No, that is not me making a comment about Brian Rohrbough's comments. That is what the embedded YouTube player does all by itself. Isn't it ironic ...
The new CBS Evening News feature Free Speech can I suppose be seen as an honest attempt to bring an aspect of community to what is an ivory tower enterprise -- nobody is calling it guest video blogging yet. I am not going to hold my breath -- but I think it is one of those things that will be difficult to declare a success, and there are two reasons they probably shouldn't even try.
One is the admittedly losing argument that network TV news programs have precious little time anyway and anything not devoted to news is wrong. It may be wrong but there is nothing wrong with success, per se, and the new CBS Evening News is successful, with an audience that the networks aspire to have, even though its total numbers have declined since Katie Couric took over. If, to continue to be a viable delivery mechanism that draws attention to at least some "important" news, one must draw in a new kind of audience that has different expectations from their parents, who is anyone to bemoan the way of the world? But I do anyway.
It could be that the Floyd Turbos of the world just aren't telegenic enough and that we viewers place far too high a premium on this quality whether we realize it or not, and that CBS does. It could be that it is difficult to choose among the clammering fray and risk -- by making rope-line decisions about who gets to exercise CBS-branded Free Speech -- the wrath of blogging spreadsheet statisticians poised to expose bias. The matter of balance has already been taken up by the CBS News blog "Public Eye," which responded to criticism that there were no Democrats or progressives among the earliest Free Speech invitees. It can only get worse.
But the "regular person" issue was addressed a bit the other day when the father of a Columbine victim was given the nod within the early news cycle of the Amish school shooting.
Despite my misgivings about this whole thing, CBS didn't shy from letting Brian Rohrbough weigh in and assert as a cause of school violence some things that just hadn't occured to me. Like teaching evolution.
"This country is in a moral free fall. For over two generations, the public school system has taught in a moral vacuum, expelling God from the school and from the government, replacing him with evolution, where the strong kill the weak, without moral consequences and life has no inherent value. We teach there are no absolutes, no right or wrong. And I assure you the murder of innocent children is always wrong, including by abortion. Abortion has diminished the value of children."Phew! Say what you will, but I don't hear stuff like that very often, and I pay close attention to conservatives like Pat Buchanan and George Willjust so I can hear arguments my brain can't make itself. So where else are people like me going to hear these dots connected the Rohrbough way?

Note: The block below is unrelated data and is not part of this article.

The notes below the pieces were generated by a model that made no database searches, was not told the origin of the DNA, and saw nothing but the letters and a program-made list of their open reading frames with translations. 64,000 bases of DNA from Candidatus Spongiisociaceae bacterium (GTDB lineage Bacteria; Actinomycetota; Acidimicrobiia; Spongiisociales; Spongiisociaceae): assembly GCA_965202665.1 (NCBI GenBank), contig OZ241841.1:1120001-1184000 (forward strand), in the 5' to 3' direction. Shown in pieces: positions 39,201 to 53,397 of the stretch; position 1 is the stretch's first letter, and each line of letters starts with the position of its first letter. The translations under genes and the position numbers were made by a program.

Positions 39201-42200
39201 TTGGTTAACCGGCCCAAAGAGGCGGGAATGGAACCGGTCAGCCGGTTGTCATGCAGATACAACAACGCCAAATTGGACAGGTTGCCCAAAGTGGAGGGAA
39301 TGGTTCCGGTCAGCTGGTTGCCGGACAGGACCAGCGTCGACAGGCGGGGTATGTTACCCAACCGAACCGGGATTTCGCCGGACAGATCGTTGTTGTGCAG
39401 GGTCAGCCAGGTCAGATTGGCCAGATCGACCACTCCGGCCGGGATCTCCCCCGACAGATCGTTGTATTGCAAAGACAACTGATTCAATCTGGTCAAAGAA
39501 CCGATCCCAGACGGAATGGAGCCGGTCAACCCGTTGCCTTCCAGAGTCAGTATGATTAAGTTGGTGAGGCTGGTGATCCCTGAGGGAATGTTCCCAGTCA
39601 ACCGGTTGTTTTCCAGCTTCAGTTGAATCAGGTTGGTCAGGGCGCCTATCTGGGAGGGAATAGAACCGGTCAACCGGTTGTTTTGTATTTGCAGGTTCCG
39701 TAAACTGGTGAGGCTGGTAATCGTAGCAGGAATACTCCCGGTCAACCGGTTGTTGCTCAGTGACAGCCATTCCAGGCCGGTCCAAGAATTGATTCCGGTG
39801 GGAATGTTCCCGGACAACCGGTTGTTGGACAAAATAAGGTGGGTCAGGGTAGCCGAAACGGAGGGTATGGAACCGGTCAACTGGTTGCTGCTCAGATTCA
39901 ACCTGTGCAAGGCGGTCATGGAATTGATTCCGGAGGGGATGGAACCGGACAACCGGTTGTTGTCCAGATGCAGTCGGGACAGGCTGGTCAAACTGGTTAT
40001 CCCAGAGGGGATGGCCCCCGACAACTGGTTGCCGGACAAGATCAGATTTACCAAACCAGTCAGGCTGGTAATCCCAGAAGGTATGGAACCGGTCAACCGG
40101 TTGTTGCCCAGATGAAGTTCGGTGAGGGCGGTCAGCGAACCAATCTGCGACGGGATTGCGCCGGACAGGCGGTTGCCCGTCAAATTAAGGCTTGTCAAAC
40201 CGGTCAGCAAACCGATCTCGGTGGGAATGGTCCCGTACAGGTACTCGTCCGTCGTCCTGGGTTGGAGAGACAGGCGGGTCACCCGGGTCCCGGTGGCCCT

The decision to go with Rorbough -- his piece pre-empted another which was scheduled for that evening -- has generated quite a bit of criticism, some within CBS, Howard Kutz reports in the Washington Post. Katie Couric, in her blog, alludes to the considerable mail they have received and how many times the word "Shame" has been used (and makes what I think is an inappropriate attempt at humor -- it isn't necessary in every post, after all: "We took a few packages that were ticking and threw them in the creek…)" That would be the creek yonder at the fork in the road on West 57th St., I guess.
A Slippery Slope
Couric goes on to say that support of Rorbough is picking up. This is part of the slippery slope, CBS. It doesn't matter how many people agree or disagree. Entertaining these numbers just gets you into the "fair and balanced" game, which has nothing to do with free speech.
I'm still not sure Free Speech is a good idea, partly because since it cannot and ought not be democratically vetted it will generate more heat about process than content, and will be dropped at exactly the wrong moment, when it is deemed to have gone too far.
But it also doesn't seem to be exactly a public interest imperative to take a minute or so from the mere 22 available for what I still think should be a solid summary of the day's top stories and longer pieces about important things that don't provide breaking news angles.
But if CBS intends to bar no holds, at least it will be intriguing television from time to time.
The Rorbaugh clip as hosted by CBS is here, and RealPlayer is required.